It’s been a wild and woolly December in the U.S. propane market. The Mont Belvieu propane price is up by almost 40%, blasting past 70 c/gal on Friday — a level not seen since February 2019, when WTI at Cushing was trading at $57/bbl, $8/bbl above where that price sits today. Is it simply cold weather goosing demand? Sure, that’s one factor. But it’s really all about exports. Just as 2020 cold weather finally arrived in U.S. propane country, exports hit the highest levels ever recorded. December Gulf Coast export volumes — 92% of the U.S. total — are up 21% over last month, and 39% above December 2019. So both international and domestic demand are pulling hard on supplies at the same time. No wonder propane prices are soaring. We started this series on winter 2020-21 supply/demand in late November by suggesting that there could be a few gotchas still out there that were not being reflected in the forward propane market. Well, we’ve now seen one of those gotchas. But there’s a lot of winter left to go — in fact, the official start of winter is this morning! Today, we review what’s happened so far in propane markets, and what could be coming next.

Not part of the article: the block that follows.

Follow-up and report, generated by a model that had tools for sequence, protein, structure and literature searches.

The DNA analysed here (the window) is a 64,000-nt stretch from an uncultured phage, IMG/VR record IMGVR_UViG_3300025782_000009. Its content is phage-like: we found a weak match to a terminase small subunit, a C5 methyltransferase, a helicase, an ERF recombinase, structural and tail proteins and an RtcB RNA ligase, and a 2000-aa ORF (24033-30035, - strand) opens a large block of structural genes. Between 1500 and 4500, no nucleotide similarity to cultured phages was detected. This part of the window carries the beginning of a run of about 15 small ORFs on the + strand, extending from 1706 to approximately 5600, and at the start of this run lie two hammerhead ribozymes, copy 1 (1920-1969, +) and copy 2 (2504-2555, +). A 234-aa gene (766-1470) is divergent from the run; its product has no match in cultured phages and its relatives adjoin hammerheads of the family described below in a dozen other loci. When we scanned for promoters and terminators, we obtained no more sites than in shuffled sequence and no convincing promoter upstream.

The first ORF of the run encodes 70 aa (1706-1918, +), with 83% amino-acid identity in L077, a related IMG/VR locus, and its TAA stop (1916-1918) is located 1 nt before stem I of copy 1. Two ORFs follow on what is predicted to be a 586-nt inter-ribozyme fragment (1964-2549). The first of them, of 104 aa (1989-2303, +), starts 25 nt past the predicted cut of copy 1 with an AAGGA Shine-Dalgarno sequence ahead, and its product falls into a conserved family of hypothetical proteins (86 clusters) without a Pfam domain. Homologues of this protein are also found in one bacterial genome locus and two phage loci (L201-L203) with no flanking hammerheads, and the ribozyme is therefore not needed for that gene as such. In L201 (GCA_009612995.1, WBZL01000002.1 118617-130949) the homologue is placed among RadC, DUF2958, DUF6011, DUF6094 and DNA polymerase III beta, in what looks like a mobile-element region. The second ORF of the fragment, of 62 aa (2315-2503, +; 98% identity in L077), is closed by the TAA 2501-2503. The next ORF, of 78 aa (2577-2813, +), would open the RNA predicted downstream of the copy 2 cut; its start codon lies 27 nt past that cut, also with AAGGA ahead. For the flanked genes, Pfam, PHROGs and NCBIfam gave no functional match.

In Part 1 of this series, we started by showing how strong propane prices have been this year on a relative basis, meaning in comparison to crude oil. Focusing on the period between June and November, in 2019 the price of propane was only 34% of crude, while this year it has averaged a much higher 53%. (As a general rule, propane is considered to be expensive relative to crude when that ratio is above 50%, and cheaper when the ratio is below 50%.) Which begged the question, why would propane prices be so strong in 2020 when in 2019 prices were weak relative to crude?
We answered that question in Part 2. The primary culprit is exports, which as of November were up to 1.3 MMb/d from only 0.6 MMb/d in 2015. Actually, propane exports now exceed average U.S. domestic demand, even in the winter season — an extraordinary thing, when you think about it. We then explored the relationship between total demand (domestic plus exports), inventories, and prices. Bottom line: with exports so high, it just takes more inventory in the ground to keep the system running smoothly during the winter. That level of inventory can be measured by calculating average days-supply (i.e., inventories divided by demand) and including both domestic and export demand in the equation. In our calculation of that statistic, it showed that average days-supply has been skating along the bottom of the five-year range for the past few weeks. And when the market perceives that stocks might be getting tight, prices increase.
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